DISCLAIMER: Just to CYA, I feel like putting up a disclaimer. There is much that I don’t know about the Triskelion situation and any discussion regarding the law and the legal issues surrounding copyrights and publisher bankruptcies are general and not to apply to any one particular situation. If you feel like you are in a position where you, personally, need to apply this information to a case, you should seek a lawyer right away. My posting of my thoughts regarding the legal issues surrounding this matter or matters similar should not be construed as specific legal advice nor does it create an attorney/client relationship.
When Triskelion announcement that it would be closing its doors and filing bankruptcy, the issue of authorial rights arose. I did a little primer on copyright law a couple of weeks ago as it related to Simon & Schuster’s rights grab. For ease of reading, I’ll include the pertinent parts here.
Brief summary of copyright protection:
When an artist creates a work of art, this art has a copyright. The copyright is a form of protection that is granted by the U.S. Congress. Essentially, the writer of a book has the right to
- reproduce the work (make a copy)
- prepare derivative works (i.e., a series of books like the Black Dagger Brotherhood series or Eve Dallas series)
- distribute copies to the public by sale or other transfer of ownership, by rental, lease or lending; (sell print rights)
- perform the work (i.e., sell the rights to have a movie or tv show based on it);
Essentially an author engages in a sale of intellectual property which are known as the rights of distribution. The question presented is whether an author’s rights to her copyrighted work (her book) reverts to her upon the filing of bankruptcy.
Background of Bankruptcy Proceeding
The goal of bankruptcy is to allow the debtor to have a fresh start, unencumbered by debts. Understanding the goal of bankruptcy is important because that is how bankruptcy judges interpret the bankruptcy code and apply it to each legal and factual question that is put before them. A Chapter 7 Bankruptcy is a liquidation of assets. A Chapter 11 Bankruptcy is a reorganization. These are the most often referred to bankruptcies although there are technically six different kinds. Each bankruptcy is known by the chapter it occupies in Title 11 of United States Code – the laws that govern the federal bankruptcy system.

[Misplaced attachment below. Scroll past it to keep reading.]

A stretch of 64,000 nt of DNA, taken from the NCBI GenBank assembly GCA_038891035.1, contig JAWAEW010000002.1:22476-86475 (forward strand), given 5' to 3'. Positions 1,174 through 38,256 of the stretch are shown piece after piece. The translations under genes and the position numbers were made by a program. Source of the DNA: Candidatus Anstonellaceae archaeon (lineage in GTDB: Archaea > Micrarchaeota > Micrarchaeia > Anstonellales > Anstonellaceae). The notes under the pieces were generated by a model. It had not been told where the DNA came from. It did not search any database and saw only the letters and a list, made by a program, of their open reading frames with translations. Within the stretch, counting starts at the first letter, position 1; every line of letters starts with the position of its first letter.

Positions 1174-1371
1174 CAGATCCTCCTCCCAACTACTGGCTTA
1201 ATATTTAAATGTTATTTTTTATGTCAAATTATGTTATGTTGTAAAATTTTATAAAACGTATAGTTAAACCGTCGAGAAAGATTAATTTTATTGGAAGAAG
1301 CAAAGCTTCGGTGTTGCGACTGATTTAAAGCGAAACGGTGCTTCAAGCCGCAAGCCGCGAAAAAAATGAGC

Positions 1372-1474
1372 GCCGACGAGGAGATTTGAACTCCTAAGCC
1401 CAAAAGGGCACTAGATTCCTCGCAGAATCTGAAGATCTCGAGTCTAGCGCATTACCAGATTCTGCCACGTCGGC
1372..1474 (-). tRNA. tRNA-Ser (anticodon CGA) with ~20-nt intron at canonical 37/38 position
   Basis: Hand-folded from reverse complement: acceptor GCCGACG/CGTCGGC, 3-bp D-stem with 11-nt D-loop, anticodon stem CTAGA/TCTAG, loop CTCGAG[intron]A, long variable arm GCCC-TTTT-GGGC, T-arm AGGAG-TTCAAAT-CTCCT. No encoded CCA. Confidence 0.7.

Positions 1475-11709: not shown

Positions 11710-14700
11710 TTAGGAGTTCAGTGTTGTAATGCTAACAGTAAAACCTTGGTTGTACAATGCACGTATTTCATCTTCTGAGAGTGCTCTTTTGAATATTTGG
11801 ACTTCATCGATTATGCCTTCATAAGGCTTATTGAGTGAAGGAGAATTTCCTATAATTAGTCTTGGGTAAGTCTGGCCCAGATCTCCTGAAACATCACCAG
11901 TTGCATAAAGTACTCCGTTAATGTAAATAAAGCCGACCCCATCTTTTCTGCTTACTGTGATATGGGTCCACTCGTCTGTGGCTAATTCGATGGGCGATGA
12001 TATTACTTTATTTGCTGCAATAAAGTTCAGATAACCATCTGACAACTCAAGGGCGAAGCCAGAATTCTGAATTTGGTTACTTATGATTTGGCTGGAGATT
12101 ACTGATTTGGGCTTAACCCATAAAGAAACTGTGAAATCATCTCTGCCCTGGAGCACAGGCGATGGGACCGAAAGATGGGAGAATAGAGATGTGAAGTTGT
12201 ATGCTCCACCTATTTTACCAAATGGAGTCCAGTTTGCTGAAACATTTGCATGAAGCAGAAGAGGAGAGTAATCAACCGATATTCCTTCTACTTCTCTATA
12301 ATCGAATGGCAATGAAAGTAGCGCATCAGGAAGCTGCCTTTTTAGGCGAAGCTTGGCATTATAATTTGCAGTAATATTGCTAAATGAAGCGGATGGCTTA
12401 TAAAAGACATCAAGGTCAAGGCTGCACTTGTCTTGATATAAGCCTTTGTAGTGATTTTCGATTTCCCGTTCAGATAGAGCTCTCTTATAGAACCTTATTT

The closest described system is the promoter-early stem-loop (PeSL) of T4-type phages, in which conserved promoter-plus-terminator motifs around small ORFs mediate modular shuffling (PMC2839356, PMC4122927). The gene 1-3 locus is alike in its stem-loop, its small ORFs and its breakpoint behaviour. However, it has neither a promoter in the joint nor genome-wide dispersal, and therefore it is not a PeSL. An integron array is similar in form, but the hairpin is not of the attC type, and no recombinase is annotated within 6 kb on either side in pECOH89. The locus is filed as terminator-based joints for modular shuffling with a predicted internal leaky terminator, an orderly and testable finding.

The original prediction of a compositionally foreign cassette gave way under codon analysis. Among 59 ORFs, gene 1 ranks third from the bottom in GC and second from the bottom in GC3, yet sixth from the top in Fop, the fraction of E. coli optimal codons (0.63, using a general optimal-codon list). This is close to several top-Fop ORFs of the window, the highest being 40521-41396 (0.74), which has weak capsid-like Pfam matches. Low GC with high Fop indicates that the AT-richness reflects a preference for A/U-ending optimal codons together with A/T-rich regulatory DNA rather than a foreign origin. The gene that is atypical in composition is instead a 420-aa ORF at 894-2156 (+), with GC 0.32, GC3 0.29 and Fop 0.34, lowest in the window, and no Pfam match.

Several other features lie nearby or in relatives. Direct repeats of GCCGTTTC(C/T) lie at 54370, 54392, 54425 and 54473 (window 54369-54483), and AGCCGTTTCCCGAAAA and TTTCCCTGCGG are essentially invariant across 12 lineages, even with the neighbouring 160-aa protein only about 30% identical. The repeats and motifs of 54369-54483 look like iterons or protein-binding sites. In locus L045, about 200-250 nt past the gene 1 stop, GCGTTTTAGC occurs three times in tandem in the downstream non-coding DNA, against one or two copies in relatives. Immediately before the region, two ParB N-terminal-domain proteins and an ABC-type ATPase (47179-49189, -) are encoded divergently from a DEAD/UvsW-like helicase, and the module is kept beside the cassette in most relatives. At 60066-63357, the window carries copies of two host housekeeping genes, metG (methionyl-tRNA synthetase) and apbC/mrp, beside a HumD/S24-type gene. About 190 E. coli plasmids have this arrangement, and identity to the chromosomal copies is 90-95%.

An uncomplicated personal Chapter 7 bankruptcy can be opened and closed in 4 months. A more complicated one will take more time. Essentially, a debtor files for bankruptcy and is required to file the following items:
- schedules of assets and liabilities;
- a schedule of current income and expenditures;
- a statement of financial affairs;
- a schedule of executory contracts and unexpired leases; and
- tax returns.
Fed. R. Bankr. P. 1007(b). The above information will include a list of all creditors and the source of all income. Once the petition is filed, all attempts at collection of a debt owed must stop. This is called a “stay.” A creditor cannot initiate or continue lawsuits, telephone calls or even emails that attempt recover a debt such unpaid royalties. If a creditor does not obey the “stay”, the creditor can be held in contempt which might be a fine or even jail time.
A trustee is assigned. Within a couple months of the filing, there is a meeting of the creditors. This is open to the public and held in one of the bankruptcy rooms (generally not a courtroom). The debtor is put under oath and both the trustee and the creditor may ask questions. Generally there are many debtors present. Each one is called up, placed under oath, asked questions and then dismissed. The trustee then gathers up all the assets, liquidates them and determines a discharge plan. The discharge plan repays creditors according to security interest. Those creditors who have a security interest get paid first and then the unsecured creditors follow, in order of priority. If there are no objections to discharge, the case is closed. Once the debts are discharged, any attempt to recover that debt is viewed unfavorably and the creditor can be held in contempt of court (not a good thing).